Now we’ve got our project in Subversion; let’s create a Hudson job to work on it. Fire up a web browser and visit http://localhost:8080/hudson again. By now it should be running and greet you with a “create jobs” message. We’ve got a little housekeeping to do to make it work with our install.

On the right side find and click the “manage Hudson” link. At the top of the list in the middle, click the “configure system” link. Near the middle, find and click the “add jdk” button. De-select the “install automatically” if it’s selected, and put the path to the JDK installed above (e.g. /home/youruser/jdk1.6.0_17 if you unpacked it in your home folder), and give it a name.

Since we’re doing an Ant project, we need Ant “installed” and configured. The latest versions of Hudson look like they’ll try to install it for us, but I can’t get it to work, so make a quick trip to ant.apache.org and download the latest (currently 1.7.1). Simply extract that file somewhere. Back in our Hudson configuration, click the “add Ant” button, de-select the “install automatically” box, if it’s selected, and put the path to the Ant as unpacked (e.g., /home/youruser/apache-ant-1.7.1) and give it a name.

Hit the save button at the bottom of the form.

Bonk the “new job” link and start the process. Give the job a name (something like “helloWorld” — it isn’t really related to the poject) and select “build freestyle” to use the Ant job, and bonk the “ok” button. Much of the busy next form is optional, and we’ll leave Hudson management to another article, focusing now on the required fields to make this work.

Find and select Subversion. This will spring open the configuration bits necessary for our job. Put in the URL to the repository (in our example, http://localhost/svn/helloWorld).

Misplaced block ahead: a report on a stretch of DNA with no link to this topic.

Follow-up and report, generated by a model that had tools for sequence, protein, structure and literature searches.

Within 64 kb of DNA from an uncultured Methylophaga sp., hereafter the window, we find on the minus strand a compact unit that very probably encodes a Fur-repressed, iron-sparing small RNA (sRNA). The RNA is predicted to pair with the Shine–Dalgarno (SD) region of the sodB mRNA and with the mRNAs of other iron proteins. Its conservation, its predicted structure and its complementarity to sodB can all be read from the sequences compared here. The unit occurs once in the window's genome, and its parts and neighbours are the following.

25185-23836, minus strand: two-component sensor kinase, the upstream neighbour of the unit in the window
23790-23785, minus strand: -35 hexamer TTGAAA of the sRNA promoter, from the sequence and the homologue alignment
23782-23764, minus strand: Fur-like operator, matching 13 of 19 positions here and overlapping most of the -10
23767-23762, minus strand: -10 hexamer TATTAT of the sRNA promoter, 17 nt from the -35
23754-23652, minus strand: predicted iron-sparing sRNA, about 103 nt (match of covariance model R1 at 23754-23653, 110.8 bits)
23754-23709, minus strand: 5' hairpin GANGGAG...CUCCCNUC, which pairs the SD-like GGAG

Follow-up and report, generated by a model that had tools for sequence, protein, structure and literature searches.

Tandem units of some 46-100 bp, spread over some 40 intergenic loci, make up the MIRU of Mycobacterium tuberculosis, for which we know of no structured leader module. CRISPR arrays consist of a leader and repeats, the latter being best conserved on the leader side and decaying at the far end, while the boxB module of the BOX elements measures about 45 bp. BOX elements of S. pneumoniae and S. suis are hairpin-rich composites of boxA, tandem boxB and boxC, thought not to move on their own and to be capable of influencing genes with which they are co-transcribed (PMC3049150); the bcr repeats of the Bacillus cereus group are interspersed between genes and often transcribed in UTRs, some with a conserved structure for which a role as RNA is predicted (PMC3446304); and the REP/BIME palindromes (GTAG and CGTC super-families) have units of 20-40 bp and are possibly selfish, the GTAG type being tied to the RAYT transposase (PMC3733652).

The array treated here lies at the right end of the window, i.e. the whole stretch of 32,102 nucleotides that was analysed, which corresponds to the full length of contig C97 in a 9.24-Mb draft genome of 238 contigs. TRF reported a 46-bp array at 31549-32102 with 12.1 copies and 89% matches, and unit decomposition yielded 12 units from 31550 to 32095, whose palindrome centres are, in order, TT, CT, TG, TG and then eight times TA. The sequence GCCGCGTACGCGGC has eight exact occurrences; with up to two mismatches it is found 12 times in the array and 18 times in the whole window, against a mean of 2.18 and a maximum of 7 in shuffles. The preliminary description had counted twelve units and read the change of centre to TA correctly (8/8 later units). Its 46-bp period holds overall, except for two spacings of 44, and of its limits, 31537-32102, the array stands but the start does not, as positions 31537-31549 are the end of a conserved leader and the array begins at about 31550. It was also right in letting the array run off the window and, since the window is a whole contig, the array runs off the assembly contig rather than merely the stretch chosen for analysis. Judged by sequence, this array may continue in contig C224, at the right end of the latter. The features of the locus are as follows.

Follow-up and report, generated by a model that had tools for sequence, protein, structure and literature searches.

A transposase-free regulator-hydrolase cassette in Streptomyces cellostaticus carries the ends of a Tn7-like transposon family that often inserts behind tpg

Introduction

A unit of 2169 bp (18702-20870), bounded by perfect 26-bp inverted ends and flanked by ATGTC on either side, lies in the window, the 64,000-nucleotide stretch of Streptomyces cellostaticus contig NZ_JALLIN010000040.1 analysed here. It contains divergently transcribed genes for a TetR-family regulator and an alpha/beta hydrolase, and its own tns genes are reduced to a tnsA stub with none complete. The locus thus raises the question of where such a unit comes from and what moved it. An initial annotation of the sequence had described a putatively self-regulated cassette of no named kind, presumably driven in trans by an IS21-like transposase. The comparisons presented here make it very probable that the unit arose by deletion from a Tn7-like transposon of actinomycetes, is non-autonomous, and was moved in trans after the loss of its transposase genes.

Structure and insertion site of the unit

Find the “add build step” drop down and select Ant from the list, then select the Ant installation by the name used when we added the configuration above (the “default” never seems to work, even if only one Ant is installed). By default it will use the build.xml in the root of the project, and the project’s default target. For ours, recall, the simple script has only one target, and it is the default. Nothing more is required.

Bonk the save button at the bottom of the form. The job will be saved. The Hudson view will now show the current state of the helloWorld job, which is pretty blank. On the left side is a “build now” link. Bonk that to trigger Hudson to do an SVN check-out and run the Ant script.

A few moments will pass and some activity will occur in the “build history” area on the left side. If we’ve done all of our configuration correctly, and there are no errors in our Java or Ant files, we should be rewarded with a successful build. Click on the build version (by date and time) from the “build history” area and we can see what happened to the build. For the most information, given our simple job configuration, check the console output (on the left) to see what Hudson did.

Had our source and build script had more, like unit tests and build a WAR or JAR, or if there are errors in the source or build script, Hudson would show us all that went right or wrong.

Remaining Work

Subversion and Hudson together with their appropriate Apache tools is a powerful and easy-to-use suite of version control and continuous integration. Brushing over as we did to get a skeleton working, the projects are exposed to the world. Both of the Apache servers, Subversion, and Hudson all have security to help control and restrict access to the servers, repositories, and jobs. Hudson has plug-ins for monitoring unit tests and code coverage and can put notices on Twitter and events to Google Calendar…

Much more than there’s time for here…but, heck, this is already five pages long…